- Xinyuan Dai, The Conditional Effects of International Human Rights Institutions
- Dubravka Šimonović, Global and Regional Standards on Violence Against Women: The Evolution and Synergy of the CEDAW and Istanbul Conventions
- Keri Ellis & Loretta Feris, The Right to Sanitation: Time to Delink from the Right to Water
- Emma Mawdsley, Human Rights and South-South Development Cooperation: Reflections on the “Rising Powers” as International Development Actors
- Yvonne Donders & Vincent Vleugel, The Receptor Approach: A New Human Rights Kid on the Block or Old Wine in New Bags? A Commentary on Professor Zwart’s Article in HRQ
- Margaret M. deGuzman, Harsh Justice for International Crimes?
- Stella Burch Elias, Comprehensive Immigration Reform(s): Immigration Regulation Beyond Our Borders
- Lilian V. Faulhaber, Charitable Giving, Tax Expenditures, and Direct Spending in the United States and the European Union
- Thomas J. Dimitroff, Cross-border oil and gas pipeline risk and sustainable mitigations
- Danielle L. Ornelas, Pietro A. S. Mendes, Alessandra Magrini, & Maurício C. Arouca, Offshore oil and gas exploration and production in Brazil: a proposal for integrated actions for operational, occupational and environmental safety
- Elimma C. Ezeani, Removing oil subsidies in Nigeria: between necessity and false economy
- Camila Borges, Alexandre Szklo, & José Alberto Bucheb, Windfall profits arising from the subadditivity of costs after unitization and compliance with minimum local content requirements in Brazilian deepwater offshore oil fields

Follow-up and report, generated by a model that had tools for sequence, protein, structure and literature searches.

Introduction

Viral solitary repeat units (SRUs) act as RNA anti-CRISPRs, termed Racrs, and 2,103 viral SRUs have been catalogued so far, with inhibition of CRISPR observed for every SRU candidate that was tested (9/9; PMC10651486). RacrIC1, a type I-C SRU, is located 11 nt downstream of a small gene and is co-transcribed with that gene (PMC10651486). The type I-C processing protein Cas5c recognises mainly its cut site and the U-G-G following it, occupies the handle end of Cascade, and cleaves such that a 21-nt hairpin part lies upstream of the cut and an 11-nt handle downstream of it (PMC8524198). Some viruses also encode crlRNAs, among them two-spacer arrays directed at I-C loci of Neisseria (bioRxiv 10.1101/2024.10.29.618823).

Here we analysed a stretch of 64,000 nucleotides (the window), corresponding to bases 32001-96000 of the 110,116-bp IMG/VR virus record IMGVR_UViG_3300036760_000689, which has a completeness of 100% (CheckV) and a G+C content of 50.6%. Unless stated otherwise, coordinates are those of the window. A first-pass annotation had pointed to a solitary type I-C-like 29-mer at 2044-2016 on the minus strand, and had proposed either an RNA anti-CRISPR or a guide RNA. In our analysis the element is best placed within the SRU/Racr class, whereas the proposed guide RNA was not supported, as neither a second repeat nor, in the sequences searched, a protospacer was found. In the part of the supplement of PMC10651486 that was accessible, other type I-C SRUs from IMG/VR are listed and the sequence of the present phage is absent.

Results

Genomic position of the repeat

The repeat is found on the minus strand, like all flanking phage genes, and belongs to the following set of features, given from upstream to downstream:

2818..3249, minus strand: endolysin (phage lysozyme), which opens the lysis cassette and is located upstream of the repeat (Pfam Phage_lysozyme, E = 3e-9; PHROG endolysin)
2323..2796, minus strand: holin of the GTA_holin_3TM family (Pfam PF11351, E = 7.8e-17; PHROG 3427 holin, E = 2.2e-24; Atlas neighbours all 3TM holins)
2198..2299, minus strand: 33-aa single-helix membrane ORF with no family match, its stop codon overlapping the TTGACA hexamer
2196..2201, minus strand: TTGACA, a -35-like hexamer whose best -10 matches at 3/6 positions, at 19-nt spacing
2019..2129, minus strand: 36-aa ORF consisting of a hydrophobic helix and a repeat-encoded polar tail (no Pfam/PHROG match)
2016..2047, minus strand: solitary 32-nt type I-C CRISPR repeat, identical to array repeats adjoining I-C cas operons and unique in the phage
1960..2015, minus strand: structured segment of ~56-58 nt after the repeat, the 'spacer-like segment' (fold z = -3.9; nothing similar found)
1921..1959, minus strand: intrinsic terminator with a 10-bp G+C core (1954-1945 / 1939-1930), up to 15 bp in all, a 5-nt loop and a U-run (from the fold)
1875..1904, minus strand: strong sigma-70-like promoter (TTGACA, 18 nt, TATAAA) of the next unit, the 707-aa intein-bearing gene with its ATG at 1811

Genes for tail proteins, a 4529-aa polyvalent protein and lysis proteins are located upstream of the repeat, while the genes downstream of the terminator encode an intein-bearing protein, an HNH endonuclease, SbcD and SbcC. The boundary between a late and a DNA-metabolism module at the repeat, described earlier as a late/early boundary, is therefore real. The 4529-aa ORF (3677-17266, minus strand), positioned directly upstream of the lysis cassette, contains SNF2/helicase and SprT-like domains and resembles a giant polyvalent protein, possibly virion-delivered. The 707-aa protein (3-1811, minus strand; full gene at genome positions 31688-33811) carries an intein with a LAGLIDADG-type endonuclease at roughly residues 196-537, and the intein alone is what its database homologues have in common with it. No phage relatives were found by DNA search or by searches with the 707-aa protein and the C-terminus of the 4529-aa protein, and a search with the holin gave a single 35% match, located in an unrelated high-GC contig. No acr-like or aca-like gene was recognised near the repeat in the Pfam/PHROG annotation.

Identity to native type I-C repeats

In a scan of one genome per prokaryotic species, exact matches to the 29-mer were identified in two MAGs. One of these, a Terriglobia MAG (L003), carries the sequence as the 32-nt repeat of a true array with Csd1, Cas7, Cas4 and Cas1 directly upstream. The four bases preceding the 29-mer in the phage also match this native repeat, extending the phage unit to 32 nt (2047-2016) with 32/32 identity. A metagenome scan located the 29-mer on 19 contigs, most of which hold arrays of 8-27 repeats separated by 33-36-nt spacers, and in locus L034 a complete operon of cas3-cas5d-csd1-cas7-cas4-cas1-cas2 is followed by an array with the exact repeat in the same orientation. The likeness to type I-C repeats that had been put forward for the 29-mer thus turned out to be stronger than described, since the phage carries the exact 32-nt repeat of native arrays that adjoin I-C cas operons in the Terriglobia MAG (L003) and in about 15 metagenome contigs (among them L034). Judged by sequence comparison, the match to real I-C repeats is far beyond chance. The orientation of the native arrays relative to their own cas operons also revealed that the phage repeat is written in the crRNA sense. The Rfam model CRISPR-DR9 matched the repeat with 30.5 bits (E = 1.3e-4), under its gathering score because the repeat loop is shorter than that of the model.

- Yves Melin, Protective Orders in Trade Defence Investigations
- Darrel H. Pearson & Jessica B. Horwitz, ‘Administrative Protective Orders: Protection of Confidential Information in Canadian Trade Remedy Proceedings’
- Adrián Vázquez, Protection of Confidential Information in the Mexican Trade Remedy System
- Luis Felipe Aguilar Rico, Patricia Arratíbel Siles, & Juan Antonio Dorantes Sánchez, Administrative Protective Orders in Trade Remedy Cases in Mexico
- Patrick J. Togni, A Primer on U.S. APO Practice and Procedure in Antidumping and Countervailing Duty Proceedings
- Wolfgang Mueller, Administrative Protective Order System: Should the Exception Be Made the Rule?
- Folkert Graafsma, APO and Known Unknowns
- Renato Antonini, Access to (Confidential) Data in EU Trade Defence Proceedings
- Davide Rovetta & Maurizio Gambardella, Access to EU Antidumping/Subsidy Confidential Files: The EU Law ‘Zwartveld Sincere Cooperation Doctrine’, Surprise What You Are Looking for Already Exists
- Shintaro Hamanaka, WTO Agreement on Trade Facilitation: Assessing the Level of Ambition and Likely Impacts
- Paul C. Rosenthal & Jeffrey S. Beckington, The People’s Republic of China: A Market Economy or A Non-market Economy in Anti-dumping Proceedings Starting on December 12, 2016?
- Christian Pitschas, The New EU Tobacco Products Directive in the Light of TRIPS: Trademarks and the Protection of Public Health
- C. Nalin Kumar & Sarbani Mukherjee, Imperatives of Trade Facilitation in the Indian Coffee Sector: A Transaction Cost Perspective
Tuesday, August 5, 2014
- Ariel R. Mansi, Desarrollos Recientes en el Establecimiento de Áreas Marinas Protegidas en los Océanos Australes
- Alejandro Aldo Menicocci, El Estatuto de la Persona Humana: Del Domicilio y la Nacionalidad a la Autonomía Conflictual y Material
- Luciano Pezzano, Fuentes de las Obligaciones Generales de los Estados en el Sistema Universal de Protección de los Derechos Humanos
- Oscar César Benítez, Los Nuevos Procesos y Organizaciones en el Sistema Interamericano (UNASUR e CELAC), y Sus Implicancias en Relación con la OEA
- Juan A. Marchetti & Martin Roy, The TISA Initiative: An Overview of Market Access Issues